This Nigerian animated short was a very pleasant surprise when I discovered that African animation actually existed without my knowledge. The level of entertainment and fun is extraordinary even for a jaded reviewer like myself. Please, if Pixar, Dreamworks, or even Blue Sky animated this and had it as a pre-roll to their movies, people would eat it up no questions asked. I do wish there was more to Plaything such as a bigger storyline or more character development. I guess Plaything is like Shinesman for me in a weird way. Both were short, but they made their run time count with how exciting it was. I’m glad to know that Anthill stepped up to the plate to animate something. It sure beats so many Western companies trying to animate something that takes place in Africa. I’ll spare you the potshots since you know at least one popular movie franchise I’d bash with that last sentence. Hahaha! Way to keep the imagination alive, Anthill!
Adjustable Rating System:
Add 1 point if you like great fight scenes in your animation.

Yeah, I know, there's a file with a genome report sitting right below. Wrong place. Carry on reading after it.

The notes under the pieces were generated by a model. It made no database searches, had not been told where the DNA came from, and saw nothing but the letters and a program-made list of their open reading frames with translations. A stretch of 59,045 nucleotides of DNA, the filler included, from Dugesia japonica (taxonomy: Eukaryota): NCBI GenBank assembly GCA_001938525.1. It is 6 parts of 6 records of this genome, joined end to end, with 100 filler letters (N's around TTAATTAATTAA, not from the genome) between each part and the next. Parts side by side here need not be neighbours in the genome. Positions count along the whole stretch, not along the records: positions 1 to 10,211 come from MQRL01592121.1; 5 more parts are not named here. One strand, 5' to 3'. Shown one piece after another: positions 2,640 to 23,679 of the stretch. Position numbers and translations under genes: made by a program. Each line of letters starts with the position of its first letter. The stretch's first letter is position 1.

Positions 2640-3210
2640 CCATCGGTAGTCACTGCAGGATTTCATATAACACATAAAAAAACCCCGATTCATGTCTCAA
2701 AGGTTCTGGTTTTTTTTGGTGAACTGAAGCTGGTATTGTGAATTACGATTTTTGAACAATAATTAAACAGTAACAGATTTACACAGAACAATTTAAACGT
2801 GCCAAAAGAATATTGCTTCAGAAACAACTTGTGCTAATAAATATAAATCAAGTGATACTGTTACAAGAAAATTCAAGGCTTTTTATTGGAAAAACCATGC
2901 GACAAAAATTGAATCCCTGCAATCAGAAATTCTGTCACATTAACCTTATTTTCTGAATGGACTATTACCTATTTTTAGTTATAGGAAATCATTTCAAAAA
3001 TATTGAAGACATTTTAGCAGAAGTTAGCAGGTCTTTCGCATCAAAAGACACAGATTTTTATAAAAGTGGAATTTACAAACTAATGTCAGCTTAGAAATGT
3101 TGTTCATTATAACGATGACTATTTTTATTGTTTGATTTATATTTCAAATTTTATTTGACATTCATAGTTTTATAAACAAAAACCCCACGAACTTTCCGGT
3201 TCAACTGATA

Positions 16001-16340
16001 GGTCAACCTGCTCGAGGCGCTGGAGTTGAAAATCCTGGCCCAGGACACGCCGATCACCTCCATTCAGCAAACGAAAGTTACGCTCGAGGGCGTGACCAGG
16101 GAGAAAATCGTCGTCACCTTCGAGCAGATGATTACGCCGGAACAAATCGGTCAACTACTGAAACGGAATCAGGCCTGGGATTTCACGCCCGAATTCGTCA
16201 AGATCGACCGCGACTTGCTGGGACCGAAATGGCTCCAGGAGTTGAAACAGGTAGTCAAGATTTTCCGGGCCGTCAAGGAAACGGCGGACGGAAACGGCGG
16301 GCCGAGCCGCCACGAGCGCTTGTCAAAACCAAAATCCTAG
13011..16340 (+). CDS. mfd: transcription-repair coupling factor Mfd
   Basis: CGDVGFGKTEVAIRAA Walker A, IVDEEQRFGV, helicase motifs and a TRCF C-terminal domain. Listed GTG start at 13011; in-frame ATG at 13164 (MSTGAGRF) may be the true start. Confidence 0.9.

Subtract 1-3 points if you like more mature animation.
-Universal themes of imagination aren’t preachy
-Incredible fighting with the action figures
-Destroys African stereotypes
-Way too short
-Underdeveloped lead character
-Could use a stronger storyline or worldbuilding
Final Score: 9/10 points
Content Warning: Plaything would probably be on par with whatever’s on Nickelodeon, Disney XD, or Cartoon Network nowadays. The action is only limited to the action figures fighting each other with their own accessories and with various other objects in Ayodeji’s room. The blue one has a severed arm, but reattaches it before fighting.
All photos property of their respective owners and used under US “Fair Use” laws. Plaything is property of Anthill Productions. The screenshot is from YouTube and is property of Anthill Productions.